Video: How Market Forces Can Help Protect the World's Forests

Note: Yale School of the Environment (YSE) was formerly known as the Yale School of Forestry & Environmental Studies (F&ES). News articles and events posted prior to July 1, 2020 refer to the School's name at that time.

While world leaders have increasingly recognized the need to forge international agreements to protect forests as the global resources they are, efforts to do so over the last few decades have provided few meaningful results, says Ben Cashore, a professor of environmental governance and political science at the Yale School of Forestry & Environmental Studies.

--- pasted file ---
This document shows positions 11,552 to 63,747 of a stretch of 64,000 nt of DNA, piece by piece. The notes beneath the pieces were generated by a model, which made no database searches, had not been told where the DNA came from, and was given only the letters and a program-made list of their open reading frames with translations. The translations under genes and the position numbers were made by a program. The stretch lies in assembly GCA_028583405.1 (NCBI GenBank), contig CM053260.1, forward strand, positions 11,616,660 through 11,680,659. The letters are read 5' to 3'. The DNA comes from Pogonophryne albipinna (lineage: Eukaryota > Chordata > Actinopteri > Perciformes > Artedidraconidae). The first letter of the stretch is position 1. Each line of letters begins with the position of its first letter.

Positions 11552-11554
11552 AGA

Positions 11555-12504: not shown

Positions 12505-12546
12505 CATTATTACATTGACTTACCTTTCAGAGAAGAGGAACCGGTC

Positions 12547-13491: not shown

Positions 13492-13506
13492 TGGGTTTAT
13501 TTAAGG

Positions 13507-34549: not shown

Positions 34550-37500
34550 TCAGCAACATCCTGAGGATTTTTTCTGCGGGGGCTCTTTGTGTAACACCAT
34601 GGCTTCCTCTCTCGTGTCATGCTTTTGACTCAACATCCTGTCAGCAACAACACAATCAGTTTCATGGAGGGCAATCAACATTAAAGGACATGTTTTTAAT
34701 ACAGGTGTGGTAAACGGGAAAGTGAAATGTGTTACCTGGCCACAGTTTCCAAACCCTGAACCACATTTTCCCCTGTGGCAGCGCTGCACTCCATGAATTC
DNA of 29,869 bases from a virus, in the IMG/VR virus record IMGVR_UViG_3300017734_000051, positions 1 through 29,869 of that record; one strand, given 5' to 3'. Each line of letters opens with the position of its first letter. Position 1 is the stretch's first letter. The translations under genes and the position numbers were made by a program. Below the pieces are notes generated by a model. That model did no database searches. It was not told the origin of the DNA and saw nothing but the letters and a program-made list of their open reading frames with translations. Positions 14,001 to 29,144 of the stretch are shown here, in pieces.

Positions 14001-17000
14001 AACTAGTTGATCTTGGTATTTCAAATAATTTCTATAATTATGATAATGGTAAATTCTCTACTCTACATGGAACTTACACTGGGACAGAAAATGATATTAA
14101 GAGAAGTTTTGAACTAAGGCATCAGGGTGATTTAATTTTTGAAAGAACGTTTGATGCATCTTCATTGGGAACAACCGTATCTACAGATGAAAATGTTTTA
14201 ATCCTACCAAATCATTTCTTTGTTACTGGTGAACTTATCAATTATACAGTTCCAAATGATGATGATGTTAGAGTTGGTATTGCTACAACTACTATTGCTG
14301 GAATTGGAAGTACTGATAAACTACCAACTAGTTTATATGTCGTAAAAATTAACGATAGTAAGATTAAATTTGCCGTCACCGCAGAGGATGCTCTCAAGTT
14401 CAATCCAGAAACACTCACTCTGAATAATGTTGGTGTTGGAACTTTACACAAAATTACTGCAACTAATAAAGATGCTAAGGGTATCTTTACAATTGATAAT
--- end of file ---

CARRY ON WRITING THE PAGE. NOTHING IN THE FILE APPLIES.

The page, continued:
But in an interview with The MacMillan Report, Cashore says market incentives may hold the key to better forest stewardship.

"Can we develop the proper economic incentives that might actually encourage forest companies and those conducting deforestation to change their practices? To be rewarded economically for being stewards of the environment and for reducing deforestation and reducing climate emissions?" he says. "We think the answer is a possible 'yes,' depending on how practitioners and government officials come together to nurture these kinds of processes."